"Forget about what's happening down below, and I know it's difficult, but the bottom line is: no matter how they get on, you get to 39 points or more and you're all right."
That ringing sound you hear may well be the telephone on the desk of Sam Allardyce. At the other end of the line will be a chastened Glenn Roeder; a man who managed a West Ham team relegated with an eye-watering and record-breaking 42 points in the 2002/03 season.
The lot of Glenn Roeder was never a happy one. Taking charge as caretaker manager after Harry Redknapp left the club 'by mutual consent' in May 2001, Roeder found himself in a job he could never had imagined, as a succession of preferred candidates - including Steve McClaren and Alan Curbishley - turned the role down.
The reverberations over the loss of Redknapp were huge and were never really fully explained, meaning Roeder wasn't so much handed a poisoned chalice but rather, the chairman and West Ham board decided not to even bother with the luxury of a chalice.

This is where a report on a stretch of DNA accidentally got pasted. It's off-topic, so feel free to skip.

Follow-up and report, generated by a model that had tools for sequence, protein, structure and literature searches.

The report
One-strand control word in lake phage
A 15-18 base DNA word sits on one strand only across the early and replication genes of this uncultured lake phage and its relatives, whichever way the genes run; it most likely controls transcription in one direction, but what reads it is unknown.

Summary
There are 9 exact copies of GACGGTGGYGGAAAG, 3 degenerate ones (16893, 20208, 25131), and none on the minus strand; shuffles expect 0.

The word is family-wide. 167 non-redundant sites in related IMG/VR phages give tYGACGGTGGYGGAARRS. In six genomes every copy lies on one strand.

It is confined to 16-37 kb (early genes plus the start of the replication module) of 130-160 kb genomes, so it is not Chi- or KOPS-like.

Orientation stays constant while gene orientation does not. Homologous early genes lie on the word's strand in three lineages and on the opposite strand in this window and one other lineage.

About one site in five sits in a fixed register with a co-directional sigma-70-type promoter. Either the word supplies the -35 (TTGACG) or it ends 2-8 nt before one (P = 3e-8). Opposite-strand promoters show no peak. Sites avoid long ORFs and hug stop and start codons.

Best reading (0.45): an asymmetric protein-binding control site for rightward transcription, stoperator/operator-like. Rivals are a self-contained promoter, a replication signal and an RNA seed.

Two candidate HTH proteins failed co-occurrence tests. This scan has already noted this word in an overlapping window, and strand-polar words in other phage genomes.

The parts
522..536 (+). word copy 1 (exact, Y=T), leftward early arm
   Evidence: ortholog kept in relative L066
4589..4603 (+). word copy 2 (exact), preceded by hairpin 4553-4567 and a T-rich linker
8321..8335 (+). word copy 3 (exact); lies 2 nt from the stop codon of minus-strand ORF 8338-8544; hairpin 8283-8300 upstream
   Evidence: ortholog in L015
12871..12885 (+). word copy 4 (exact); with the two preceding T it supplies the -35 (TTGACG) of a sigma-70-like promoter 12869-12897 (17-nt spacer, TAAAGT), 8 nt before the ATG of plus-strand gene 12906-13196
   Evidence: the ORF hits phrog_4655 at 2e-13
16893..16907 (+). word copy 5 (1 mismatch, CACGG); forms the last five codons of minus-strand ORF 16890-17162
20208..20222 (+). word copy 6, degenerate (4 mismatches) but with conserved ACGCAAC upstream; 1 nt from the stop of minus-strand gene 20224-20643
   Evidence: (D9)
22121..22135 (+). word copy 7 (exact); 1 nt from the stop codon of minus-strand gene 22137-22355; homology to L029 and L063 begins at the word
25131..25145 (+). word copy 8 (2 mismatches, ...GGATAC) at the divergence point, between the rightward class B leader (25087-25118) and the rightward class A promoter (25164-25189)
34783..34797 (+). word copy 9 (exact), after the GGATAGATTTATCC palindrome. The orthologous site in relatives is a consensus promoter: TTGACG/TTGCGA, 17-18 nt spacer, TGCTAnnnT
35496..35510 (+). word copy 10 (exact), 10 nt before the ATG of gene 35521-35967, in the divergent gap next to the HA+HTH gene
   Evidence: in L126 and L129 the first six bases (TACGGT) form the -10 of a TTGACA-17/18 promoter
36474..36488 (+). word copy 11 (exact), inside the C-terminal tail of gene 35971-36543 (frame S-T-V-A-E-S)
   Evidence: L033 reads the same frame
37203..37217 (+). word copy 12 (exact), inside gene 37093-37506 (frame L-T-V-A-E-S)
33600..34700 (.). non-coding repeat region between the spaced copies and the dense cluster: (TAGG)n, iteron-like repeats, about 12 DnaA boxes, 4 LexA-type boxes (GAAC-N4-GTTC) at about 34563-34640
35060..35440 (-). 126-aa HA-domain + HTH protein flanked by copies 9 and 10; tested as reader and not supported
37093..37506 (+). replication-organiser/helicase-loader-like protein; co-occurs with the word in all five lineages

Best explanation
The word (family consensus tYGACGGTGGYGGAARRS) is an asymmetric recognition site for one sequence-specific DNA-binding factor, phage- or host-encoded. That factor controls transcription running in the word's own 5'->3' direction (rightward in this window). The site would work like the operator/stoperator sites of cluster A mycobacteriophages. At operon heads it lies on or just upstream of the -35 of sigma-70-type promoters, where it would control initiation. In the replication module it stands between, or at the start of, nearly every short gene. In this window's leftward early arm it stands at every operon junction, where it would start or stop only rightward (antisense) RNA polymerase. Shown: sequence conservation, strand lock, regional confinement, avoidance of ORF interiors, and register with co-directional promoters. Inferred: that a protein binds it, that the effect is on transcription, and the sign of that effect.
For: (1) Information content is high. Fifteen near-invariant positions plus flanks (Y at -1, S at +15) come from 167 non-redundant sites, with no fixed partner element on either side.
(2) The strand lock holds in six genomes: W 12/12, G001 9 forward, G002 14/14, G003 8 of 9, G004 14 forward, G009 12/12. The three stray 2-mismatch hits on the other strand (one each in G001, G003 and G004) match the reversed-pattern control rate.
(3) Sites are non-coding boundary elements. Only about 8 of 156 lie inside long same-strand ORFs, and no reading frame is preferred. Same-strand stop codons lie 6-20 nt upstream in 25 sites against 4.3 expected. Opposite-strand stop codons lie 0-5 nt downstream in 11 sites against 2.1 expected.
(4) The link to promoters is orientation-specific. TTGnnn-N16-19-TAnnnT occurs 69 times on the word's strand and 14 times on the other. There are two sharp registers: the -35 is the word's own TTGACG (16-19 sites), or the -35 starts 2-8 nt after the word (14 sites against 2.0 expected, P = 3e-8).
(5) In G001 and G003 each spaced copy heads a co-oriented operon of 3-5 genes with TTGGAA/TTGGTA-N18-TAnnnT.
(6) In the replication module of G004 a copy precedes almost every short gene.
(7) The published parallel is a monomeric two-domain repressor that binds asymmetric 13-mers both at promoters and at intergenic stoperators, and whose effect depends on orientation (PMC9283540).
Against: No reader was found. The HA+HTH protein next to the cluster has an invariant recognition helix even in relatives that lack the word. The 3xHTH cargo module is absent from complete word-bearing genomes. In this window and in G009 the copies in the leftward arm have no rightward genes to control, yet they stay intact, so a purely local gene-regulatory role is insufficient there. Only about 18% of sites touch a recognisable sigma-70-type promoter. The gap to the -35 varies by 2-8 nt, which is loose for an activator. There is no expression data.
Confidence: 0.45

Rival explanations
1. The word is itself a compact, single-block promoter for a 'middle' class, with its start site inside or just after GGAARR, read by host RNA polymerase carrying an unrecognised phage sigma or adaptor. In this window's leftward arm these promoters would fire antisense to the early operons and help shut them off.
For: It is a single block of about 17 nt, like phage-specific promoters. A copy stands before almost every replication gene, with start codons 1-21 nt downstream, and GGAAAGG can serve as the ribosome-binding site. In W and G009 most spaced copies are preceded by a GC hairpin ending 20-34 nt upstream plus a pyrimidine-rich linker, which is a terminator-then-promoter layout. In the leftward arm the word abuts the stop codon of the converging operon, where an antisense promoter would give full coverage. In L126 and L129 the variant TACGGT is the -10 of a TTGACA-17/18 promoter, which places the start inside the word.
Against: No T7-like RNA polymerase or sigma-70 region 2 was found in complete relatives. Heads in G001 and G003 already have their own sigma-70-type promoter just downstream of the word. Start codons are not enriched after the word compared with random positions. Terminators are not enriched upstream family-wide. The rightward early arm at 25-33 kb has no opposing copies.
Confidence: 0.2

The club made lots of noises about attracting a 'big name' boss to take over and there were many fans who felt a change of direction at the top would actually benefit the club with certain factions seeing, as is the way in football parlance, that Redknapp had 'taken the club as far as he could'. Excitedly, supporters would scour the back pages of newspapers - the internet phenomenon, although active among many, hadn't caught on with all sections of the population as it has now - while the assembled hordes waited breathlessly outside the gates of the Boleyn patiently looking for the puff of white smoke that would indicate a new saviour was to take over the reins of East London's finest.
The announcement when it came couldn't have made for a worse photo opportunity; Glenn Roeder was pictured wearing a hard hat and standing on a huge pile of bricks hewn from the rubble of the demolished old West Stand. That stand, shortly to rise into a new structure of seats and hotel, was known affectionately by some supporters as the Rio Stand - a structure coincidentally costing almost as much as the future England defender who was sold in equally puzzling circumstances to Leeds United in November 2000; a decision I believe that consigned West Ham to a course they are still having trouble negotiating 13 years later.
The image of Roeder sporting a look that mixed the terror of a rabbit caught in headlights on the A12 at midnight, with that of a young boy discovering a bike-shaped present wrapped under the Christmas tree, was something few Hammers fans have forgotten.